in our Model 3
Mark D Larsen
Correcaminos corre caminos
(Click to enlarge)
Now that we’ve both been vaccinated, we took our first post-pandemic daytrip to Las Vegas. Well… that’s not entirely true: toward the end of January we did drive there to take delivery of our new Pomeranian puppy, Moxie, but this time we planned on going to a restaurant and miggling with other people —something we haven’t done for well over a year! We needed to replenish our preferred brand of dog food for Moxie, only available from a pet store in Vegas, so this gave us a good excuse to put the pandemic behind us and enjoy ourselves in public, even if there are still paranoid conspiracy theorists in this country who are refusing to take the vaccine. As the saying goes, “you can’t fix stupid,” but we are relieved to finally be able to get back to a more normal routine in our own lives. Below are photos and commentary of the daytrip.
NOTE: You can click on the following photos to enlarge them.
You can see that we reset are trip odometer, ready to depart a little before 11:00 AM.
Correcaminos had 38,900 miles on the odometer when we left.
We set the navigation to take us to the pet store, and it predicted that our 80% charge would shrink to 38% upon arrival.
Unlike our usual trips to Nevada, however, we were going to deviate from the plotted route and take I-15 through the Virgin River Gorge instead of Highway 91, because DOT is currently repaving the that road.
Here we are starting to enter the Gorge.
This is actually the most scenic route, because the road parallels the river as it cuts deeper through the canyon.
Here is the narrowest part of the Gorge, right before the freeway leaves it.
The Virgin River then meanders across the plains near Mesquite, with desert mountains to the east.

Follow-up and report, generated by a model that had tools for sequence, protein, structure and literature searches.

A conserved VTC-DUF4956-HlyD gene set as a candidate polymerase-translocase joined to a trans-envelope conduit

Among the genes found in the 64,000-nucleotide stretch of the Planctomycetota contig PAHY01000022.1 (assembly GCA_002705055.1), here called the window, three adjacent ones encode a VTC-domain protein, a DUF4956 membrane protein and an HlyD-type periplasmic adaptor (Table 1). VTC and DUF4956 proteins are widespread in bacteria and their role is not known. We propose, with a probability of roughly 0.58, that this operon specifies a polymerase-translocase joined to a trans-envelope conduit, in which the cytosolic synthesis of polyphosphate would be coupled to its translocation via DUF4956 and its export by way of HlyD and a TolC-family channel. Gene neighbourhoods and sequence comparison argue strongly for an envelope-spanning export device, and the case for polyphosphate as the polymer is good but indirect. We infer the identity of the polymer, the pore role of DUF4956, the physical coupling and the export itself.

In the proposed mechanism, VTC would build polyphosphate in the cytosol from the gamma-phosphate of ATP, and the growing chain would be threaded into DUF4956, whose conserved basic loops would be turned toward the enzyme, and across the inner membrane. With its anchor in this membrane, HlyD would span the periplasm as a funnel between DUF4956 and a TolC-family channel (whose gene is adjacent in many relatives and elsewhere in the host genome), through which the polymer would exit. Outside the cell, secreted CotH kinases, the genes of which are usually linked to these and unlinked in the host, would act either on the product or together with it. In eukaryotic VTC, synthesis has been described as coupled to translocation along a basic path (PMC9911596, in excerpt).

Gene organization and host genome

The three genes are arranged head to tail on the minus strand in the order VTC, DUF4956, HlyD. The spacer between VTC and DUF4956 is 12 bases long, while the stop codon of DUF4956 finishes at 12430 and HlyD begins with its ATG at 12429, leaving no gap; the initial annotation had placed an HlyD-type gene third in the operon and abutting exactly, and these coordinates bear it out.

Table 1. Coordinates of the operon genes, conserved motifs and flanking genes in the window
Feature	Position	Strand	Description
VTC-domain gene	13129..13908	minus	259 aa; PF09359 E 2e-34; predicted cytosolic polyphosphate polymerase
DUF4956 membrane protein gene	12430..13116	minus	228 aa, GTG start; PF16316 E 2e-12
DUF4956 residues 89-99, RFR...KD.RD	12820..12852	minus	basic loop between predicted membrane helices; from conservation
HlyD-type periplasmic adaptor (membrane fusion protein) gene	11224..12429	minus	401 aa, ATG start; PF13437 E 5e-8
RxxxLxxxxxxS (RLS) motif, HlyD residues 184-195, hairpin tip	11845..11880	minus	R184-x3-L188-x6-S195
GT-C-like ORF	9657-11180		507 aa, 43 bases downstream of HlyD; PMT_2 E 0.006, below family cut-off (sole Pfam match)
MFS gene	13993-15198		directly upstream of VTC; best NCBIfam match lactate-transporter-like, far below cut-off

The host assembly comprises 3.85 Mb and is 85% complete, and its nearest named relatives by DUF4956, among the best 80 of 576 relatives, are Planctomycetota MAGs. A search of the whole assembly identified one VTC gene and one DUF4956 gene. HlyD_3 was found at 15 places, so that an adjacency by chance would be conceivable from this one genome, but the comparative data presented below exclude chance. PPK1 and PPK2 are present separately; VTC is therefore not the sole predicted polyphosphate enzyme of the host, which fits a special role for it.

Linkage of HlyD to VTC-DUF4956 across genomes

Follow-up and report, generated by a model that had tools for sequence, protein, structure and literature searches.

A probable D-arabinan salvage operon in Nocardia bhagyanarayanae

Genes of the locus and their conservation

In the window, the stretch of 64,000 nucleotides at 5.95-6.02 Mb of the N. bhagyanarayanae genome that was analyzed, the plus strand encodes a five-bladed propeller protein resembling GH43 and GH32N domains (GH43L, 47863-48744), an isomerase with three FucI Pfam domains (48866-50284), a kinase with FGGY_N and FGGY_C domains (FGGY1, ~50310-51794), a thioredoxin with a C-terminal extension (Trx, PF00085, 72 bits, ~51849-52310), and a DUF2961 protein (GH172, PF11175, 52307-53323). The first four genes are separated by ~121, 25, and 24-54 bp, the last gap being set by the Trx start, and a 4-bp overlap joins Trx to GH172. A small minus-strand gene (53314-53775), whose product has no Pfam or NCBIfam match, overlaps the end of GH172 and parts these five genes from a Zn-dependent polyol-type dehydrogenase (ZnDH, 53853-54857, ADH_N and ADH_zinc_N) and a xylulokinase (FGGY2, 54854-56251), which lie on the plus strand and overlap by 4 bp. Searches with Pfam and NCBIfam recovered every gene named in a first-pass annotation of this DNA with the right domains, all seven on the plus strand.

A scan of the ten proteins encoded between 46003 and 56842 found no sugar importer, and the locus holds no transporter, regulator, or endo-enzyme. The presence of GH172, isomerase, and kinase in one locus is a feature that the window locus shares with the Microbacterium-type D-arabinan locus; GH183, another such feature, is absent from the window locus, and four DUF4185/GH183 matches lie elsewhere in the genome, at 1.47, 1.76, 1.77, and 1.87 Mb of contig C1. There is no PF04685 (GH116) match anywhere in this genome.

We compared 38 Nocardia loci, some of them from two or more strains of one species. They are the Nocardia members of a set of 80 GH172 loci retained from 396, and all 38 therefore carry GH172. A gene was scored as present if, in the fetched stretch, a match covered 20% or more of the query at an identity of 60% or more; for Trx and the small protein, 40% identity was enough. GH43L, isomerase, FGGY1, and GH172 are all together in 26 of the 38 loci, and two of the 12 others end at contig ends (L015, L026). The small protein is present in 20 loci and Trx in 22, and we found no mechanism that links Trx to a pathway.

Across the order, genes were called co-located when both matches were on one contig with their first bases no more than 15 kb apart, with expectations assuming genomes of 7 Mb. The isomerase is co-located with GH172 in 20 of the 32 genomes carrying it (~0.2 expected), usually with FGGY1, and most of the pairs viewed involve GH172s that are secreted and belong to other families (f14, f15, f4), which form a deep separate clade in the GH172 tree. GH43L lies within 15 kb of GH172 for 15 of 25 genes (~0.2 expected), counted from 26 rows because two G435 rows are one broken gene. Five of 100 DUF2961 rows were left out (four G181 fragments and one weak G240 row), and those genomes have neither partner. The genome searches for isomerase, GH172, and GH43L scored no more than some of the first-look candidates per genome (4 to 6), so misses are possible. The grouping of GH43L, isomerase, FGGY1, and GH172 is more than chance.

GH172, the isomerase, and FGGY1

Farther along it then empties into Lake Mead, near the ranches and town of Overton in the distance.
Nearly two hours later we could see Las Vegas in the distance, shrouded with haze as usual.
Nevada is an hour earlier than Utah, if you're wondering about the time on the clock display. You can see that we arrived at the pet store after driving 133 miles, with 77 miles left, i.e., about 26%, instead of the predicted 38%. I attribute this to taking the longer route through the Virgin River Gorge.
After purchasing the dog food and some puppy toys, we wanted to set the navigation to the south Las Vegas Superchargers because they are near a restaurant we wanted to try, the Lazy Dog, that allows customers to have their pets on the patio area. Unfortunately, that Supercharger was showing a “tool” icon instead of the usual red marker.
We decided to drive there anyway, even if the Superchargers were under repair. Sure enough, the display indicated that they had “reduced service.”
We plugged in anyway, but found that the service was not at all “reduced,” but charging at a rate expected from a 150 kW unit.
We walked across the parking lot to the Lazy Dog Restaurant. It was lunchtime, and very busy, but we didn't have to wait too long to be seated.